• The report describes the trade-offs involved when school systems combine different measures (student achievement gains, classroom observations, and student surveys). However, the report shows that a more balanced approach—which incorporates the student survey data and classroom observations—has two important advantages: ratings are less likely to fluctuate from year to year, and the combination is more likely to identify teachers with better outcomes on assessments other than the state tests.
  • The report provides guidance on the best ways to achieve reliable classroom observations. Many school districts currently require observations by a single school administrator. The report recommends averaging observations from more than one observer, such as another administrator in a school or a peer observer.

Read the report here.

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Teacher Education, Professional Development, and Grant and Award Opportunities

2013 Healthivores Video Game Contest—Simple and Rewarding Approach to Student Game Design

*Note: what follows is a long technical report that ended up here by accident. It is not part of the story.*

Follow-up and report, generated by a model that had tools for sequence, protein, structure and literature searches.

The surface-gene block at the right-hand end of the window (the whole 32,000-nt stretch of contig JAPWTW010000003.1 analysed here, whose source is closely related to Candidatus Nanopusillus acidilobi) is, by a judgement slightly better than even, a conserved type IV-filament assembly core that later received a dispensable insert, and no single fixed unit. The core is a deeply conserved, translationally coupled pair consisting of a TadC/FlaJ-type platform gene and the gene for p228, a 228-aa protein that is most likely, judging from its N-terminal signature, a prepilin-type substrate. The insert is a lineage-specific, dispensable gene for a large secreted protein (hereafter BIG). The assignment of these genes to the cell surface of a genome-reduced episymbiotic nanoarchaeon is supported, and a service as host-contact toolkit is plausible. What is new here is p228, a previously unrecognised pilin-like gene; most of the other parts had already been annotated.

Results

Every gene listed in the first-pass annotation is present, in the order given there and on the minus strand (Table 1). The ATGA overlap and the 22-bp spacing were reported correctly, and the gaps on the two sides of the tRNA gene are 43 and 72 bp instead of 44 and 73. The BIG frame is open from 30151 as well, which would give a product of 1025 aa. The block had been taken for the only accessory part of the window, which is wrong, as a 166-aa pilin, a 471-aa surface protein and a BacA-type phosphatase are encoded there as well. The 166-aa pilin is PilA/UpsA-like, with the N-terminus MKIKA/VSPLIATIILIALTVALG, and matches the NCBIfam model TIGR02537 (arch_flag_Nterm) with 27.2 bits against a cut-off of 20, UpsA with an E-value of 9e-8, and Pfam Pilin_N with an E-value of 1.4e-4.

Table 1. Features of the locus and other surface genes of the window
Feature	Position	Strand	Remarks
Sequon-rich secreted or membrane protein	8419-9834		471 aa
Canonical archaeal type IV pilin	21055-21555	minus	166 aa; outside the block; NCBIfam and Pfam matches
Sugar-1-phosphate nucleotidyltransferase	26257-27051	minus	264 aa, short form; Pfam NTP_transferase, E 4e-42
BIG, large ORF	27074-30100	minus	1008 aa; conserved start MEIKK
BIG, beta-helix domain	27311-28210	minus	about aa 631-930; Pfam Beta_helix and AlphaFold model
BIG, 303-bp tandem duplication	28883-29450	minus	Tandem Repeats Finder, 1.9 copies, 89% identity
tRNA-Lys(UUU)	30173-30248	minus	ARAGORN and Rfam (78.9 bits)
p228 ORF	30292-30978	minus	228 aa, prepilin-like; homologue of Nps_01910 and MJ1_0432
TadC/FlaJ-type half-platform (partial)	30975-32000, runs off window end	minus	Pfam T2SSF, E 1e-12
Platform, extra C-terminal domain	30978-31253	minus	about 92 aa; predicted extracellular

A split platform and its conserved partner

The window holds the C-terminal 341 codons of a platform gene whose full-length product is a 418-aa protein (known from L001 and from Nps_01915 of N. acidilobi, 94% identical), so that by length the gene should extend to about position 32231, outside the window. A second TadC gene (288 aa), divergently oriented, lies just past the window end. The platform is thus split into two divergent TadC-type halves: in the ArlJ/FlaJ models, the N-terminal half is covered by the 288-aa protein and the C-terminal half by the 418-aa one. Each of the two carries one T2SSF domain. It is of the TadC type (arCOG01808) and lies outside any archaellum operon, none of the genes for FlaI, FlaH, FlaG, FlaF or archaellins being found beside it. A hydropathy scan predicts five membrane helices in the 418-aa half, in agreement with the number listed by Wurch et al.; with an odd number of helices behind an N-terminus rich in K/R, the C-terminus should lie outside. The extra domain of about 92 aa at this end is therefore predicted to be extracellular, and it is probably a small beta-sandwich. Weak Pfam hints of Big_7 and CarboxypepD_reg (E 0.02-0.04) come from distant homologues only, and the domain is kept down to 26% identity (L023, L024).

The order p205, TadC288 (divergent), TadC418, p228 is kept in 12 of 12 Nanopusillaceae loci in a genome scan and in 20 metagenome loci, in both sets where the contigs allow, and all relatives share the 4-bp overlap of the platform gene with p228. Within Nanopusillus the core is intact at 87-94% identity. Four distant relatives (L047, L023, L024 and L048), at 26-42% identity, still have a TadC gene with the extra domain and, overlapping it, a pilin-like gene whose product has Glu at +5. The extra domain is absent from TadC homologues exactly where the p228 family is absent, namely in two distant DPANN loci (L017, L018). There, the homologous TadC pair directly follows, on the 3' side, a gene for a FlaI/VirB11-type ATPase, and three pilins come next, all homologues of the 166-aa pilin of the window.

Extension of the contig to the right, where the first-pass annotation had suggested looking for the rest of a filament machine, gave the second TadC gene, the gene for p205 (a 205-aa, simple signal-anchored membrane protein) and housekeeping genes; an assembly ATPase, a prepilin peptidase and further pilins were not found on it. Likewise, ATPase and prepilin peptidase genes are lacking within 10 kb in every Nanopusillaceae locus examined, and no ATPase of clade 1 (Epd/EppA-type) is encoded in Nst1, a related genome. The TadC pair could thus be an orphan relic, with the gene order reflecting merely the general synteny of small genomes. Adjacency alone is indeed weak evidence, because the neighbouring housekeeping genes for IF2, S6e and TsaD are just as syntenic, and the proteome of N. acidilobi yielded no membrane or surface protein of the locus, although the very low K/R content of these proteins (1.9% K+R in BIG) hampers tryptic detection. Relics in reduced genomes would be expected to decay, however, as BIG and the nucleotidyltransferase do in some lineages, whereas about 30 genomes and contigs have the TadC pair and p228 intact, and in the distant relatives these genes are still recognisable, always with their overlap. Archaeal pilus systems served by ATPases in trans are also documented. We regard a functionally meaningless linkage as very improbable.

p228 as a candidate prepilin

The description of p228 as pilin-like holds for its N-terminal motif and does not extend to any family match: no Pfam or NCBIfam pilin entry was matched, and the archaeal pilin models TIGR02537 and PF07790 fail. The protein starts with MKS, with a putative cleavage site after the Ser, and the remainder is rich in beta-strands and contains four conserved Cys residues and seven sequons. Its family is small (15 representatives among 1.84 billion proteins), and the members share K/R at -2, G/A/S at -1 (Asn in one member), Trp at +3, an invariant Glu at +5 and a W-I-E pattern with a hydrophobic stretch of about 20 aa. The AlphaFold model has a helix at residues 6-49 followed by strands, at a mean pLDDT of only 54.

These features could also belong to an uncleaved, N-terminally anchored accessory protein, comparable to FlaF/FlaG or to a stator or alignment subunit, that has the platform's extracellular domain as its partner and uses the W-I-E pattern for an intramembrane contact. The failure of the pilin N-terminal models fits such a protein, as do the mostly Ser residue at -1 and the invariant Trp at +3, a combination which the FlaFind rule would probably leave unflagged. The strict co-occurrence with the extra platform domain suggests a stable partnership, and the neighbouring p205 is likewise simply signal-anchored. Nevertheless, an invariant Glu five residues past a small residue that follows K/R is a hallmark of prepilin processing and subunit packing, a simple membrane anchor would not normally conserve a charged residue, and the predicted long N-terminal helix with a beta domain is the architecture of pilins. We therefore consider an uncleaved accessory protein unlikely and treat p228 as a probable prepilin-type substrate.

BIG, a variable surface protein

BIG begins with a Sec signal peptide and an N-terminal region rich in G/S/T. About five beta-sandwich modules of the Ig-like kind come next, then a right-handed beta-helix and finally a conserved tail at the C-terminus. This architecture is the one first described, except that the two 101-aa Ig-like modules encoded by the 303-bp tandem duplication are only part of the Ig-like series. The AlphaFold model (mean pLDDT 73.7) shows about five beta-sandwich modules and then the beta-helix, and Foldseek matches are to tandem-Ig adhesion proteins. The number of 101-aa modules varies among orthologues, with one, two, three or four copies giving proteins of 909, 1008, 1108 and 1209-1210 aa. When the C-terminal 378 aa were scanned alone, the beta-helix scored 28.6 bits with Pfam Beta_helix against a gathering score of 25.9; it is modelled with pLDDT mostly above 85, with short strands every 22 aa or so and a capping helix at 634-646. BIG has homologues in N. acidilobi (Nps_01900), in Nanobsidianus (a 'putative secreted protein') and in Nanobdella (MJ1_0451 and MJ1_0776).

Are you a teacher with zero video game design experience? NO PROBLEM! This year’s Healthivores Video Game Contest has begun and it’s easier than you think. Check out the included lesson plan that will take teachers, even those with zero game design experience, step-by-step through the process of teaching your students to design games. You will have your students completing their video games in less than four weeks. This year we have added technology, science and math focused lesson plan options to the already popular nutrition and fitness lesson plan. Each winning team will receive one laptop for the teacher, one for the school and one for each student on the team (See 2012 Winners here). Deadline for entries is March 31, 2013. Get started now at the Healthivores Video Game Contest homepage!